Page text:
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Peano arithmetic (also known as first-order arithmetic) is a first-order axiomatic theory over the natural numbers.

## Language

The language of first-order arithmetic consists of the language of predicate logic extended by the following:

• Constant symbol $$0$$, called zero
• Relation symbol $$=$$, called equality
• Unary function symbol $$S(x)$$, called successor
• Two binary function symbols, $$+(a,b),\cdot(a,b)$$, called addition and multiplication respectively, and often denoted by $$a+b,a\cdot b$$.

## Axioms

1. $$\forall n:0\neq S(n)$$ - zero isn't a successor of any natural number.
2. $$\forall n,m: S(n)=S(m)\Rightarrow n=m$$ - two numbers with equal successors are equal themselves, so $$S(x)$$ is an injective function.
3. $$\forall n: n+0=n$$
4. $$\forall n,m: n+S(m)=S(n+m)$$ - this and previous axiom state inductive properties of addition.
5. $$\forall n: n\cdot 0=0$$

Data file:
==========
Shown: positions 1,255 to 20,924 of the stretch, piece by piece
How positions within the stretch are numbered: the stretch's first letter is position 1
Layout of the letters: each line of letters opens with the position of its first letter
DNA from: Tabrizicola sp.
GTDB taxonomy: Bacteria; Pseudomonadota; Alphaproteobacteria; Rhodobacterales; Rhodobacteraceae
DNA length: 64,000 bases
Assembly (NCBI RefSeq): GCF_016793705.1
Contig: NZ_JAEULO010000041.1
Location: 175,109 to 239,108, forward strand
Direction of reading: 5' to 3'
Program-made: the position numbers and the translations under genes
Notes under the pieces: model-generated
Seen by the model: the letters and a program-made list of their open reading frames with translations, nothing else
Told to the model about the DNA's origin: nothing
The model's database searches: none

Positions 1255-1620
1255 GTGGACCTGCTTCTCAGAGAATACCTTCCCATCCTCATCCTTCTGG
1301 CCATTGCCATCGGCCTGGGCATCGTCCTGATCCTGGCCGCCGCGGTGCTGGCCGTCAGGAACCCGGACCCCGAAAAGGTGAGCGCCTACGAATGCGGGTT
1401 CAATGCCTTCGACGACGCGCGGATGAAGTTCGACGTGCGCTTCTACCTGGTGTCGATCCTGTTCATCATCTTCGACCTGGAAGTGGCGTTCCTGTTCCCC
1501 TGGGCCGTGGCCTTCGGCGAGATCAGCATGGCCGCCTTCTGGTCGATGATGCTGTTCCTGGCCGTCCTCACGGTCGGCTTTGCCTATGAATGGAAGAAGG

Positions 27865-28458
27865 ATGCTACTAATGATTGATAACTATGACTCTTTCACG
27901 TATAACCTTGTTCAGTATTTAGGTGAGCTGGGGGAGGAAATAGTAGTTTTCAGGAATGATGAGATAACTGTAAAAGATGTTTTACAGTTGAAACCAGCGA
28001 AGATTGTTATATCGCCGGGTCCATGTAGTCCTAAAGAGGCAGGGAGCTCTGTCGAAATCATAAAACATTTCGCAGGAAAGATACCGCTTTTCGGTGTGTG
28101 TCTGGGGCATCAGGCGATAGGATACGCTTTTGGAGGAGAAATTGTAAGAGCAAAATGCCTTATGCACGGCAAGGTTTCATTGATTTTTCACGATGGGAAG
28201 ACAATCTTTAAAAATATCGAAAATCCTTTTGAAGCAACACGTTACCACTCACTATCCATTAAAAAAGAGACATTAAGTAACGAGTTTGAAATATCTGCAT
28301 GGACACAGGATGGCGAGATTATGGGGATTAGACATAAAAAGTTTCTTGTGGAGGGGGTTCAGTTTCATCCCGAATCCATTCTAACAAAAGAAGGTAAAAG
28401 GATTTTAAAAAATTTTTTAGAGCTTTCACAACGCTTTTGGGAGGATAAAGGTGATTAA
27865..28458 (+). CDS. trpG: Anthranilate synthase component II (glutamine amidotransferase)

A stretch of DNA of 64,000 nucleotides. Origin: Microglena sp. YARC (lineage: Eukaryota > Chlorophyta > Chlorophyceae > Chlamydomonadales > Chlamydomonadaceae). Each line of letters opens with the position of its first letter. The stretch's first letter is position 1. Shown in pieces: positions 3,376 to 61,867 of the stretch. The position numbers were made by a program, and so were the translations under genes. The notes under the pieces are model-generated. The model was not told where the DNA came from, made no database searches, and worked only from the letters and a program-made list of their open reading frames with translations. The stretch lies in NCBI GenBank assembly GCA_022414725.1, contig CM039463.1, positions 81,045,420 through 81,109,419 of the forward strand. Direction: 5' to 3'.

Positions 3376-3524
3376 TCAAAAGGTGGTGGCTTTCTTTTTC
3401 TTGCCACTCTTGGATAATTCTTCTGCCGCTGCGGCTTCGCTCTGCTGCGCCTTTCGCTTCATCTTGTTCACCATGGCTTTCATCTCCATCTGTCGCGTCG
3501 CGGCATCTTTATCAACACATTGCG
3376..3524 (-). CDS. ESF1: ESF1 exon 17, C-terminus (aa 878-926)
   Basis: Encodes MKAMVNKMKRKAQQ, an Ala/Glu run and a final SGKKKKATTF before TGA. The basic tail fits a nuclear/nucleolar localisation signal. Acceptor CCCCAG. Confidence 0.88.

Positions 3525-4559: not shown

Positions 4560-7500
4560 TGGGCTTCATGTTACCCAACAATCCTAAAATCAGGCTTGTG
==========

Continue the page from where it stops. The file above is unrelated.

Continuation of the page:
6. $$\forall n,m: n\cdot S(m)=n\cdot m+n$$ - this and previous axiom state inductive properties of multiplication.
7. For every first-order formula $$\varphi(x)$$: $$(\varphi(0)\land(\forall n:\varphi(n)\Rightarrow\varphi(S(n)))\Rightarrow\forall n:\varphi(n)$$ - this is so called axiom schema of induction, which states that if some property $$\varphi$$ holds for zero, and if any number $$n$$ posseses this property, then so does its successor, then this property holds for every natural number.

## Analysis

We assume consistency, which is not proven but strongly believed. PA can prove many everyday facts about the natural numbers, and considering Friedman's grand conjecture,[1] it may even be more than enough.

Some examples of googological functions that eventually dominate all functions provably recursive in PA are the Kirby-Paris hydra, Beklemishev's worms, and Goodstein sequences.

PA has proof-theoretic ordinal $$\varepsilon_0$$.